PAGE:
The Waldorf high school humanities curriculum is rich and storied, but with a preponderance of the Western canon. As we work on enlivening the next 100 years of Waldorf education, one of our tasks is to take up responsible innovation that reflects the diversity of our students and includes more voices from across the human family. This year, the MCWS high school humanities department is offering mixed grade 11 and 12 “selectives” in the second and third quarters. The second quarter offerings are literary: Asian Literature (primarily reading an anthology put together by Josh Lytle), Russian Literature (primarily reading The Master and Margarita) and African-American Literature (primarily reading Song of Solomon, but hopefully also Colson Whitehead’s The Underground Railroad).
Specifically, the African-American Literature course is looking at the question, “Why do we need a category of American literature called African-American literature? What does that say about the types of characters and experiences typically portrayed in so called American literature?” The class is taking up the concept of white advantage/privilege, the characteristics of African-American literature, and what W.E. Dubois calls, “Double Consciousness” – his term describing the internal conflict experienced by subordinated groups in an oppressive society.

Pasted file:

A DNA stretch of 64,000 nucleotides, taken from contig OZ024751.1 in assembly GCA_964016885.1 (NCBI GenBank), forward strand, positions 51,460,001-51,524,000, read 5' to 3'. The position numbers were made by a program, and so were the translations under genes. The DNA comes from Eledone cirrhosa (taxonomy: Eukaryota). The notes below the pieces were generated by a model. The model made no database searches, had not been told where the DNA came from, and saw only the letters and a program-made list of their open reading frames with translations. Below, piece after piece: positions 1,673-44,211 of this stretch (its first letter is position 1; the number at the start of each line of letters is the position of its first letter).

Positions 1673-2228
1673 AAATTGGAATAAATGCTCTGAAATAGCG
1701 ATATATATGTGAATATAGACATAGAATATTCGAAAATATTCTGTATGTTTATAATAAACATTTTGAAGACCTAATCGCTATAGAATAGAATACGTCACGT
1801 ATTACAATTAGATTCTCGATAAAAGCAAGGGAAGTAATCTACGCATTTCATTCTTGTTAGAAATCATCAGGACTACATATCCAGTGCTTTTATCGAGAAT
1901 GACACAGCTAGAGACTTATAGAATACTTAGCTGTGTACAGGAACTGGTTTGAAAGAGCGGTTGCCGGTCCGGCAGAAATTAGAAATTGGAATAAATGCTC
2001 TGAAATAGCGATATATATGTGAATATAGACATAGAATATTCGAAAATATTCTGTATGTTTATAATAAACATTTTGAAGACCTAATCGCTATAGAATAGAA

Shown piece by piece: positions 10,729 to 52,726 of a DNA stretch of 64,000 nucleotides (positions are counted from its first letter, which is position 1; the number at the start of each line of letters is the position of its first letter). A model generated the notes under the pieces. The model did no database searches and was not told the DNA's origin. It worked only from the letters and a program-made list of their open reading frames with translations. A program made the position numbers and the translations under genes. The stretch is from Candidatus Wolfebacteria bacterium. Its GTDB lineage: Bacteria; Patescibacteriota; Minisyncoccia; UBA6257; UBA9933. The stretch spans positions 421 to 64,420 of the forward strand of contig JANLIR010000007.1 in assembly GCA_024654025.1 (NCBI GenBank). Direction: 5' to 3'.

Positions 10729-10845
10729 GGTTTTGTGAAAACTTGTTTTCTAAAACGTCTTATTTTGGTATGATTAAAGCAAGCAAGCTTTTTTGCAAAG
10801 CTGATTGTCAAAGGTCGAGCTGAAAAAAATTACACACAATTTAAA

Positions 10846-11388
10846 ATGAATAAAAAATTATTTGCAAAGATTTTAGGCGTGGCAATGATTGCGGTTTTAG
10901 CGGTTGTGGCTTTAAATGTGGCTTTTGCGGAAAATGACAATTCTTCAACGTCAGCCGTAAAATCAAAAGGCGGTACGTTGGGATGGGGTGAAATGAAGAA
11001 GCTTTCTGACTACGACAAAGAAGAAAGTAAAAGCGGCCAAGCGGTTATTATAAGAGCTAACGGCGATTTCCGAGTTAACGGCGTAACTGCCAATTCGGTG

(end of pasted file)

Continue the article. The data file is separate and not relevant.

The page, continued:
We continue to strive to work with both the richness of the traditional Waldorf high school curriculum and to be responsible innovators. As David Barham said at a recent high school parent evening – we’re striving to “Keep the Shakespeare, add the Toni Morrison.”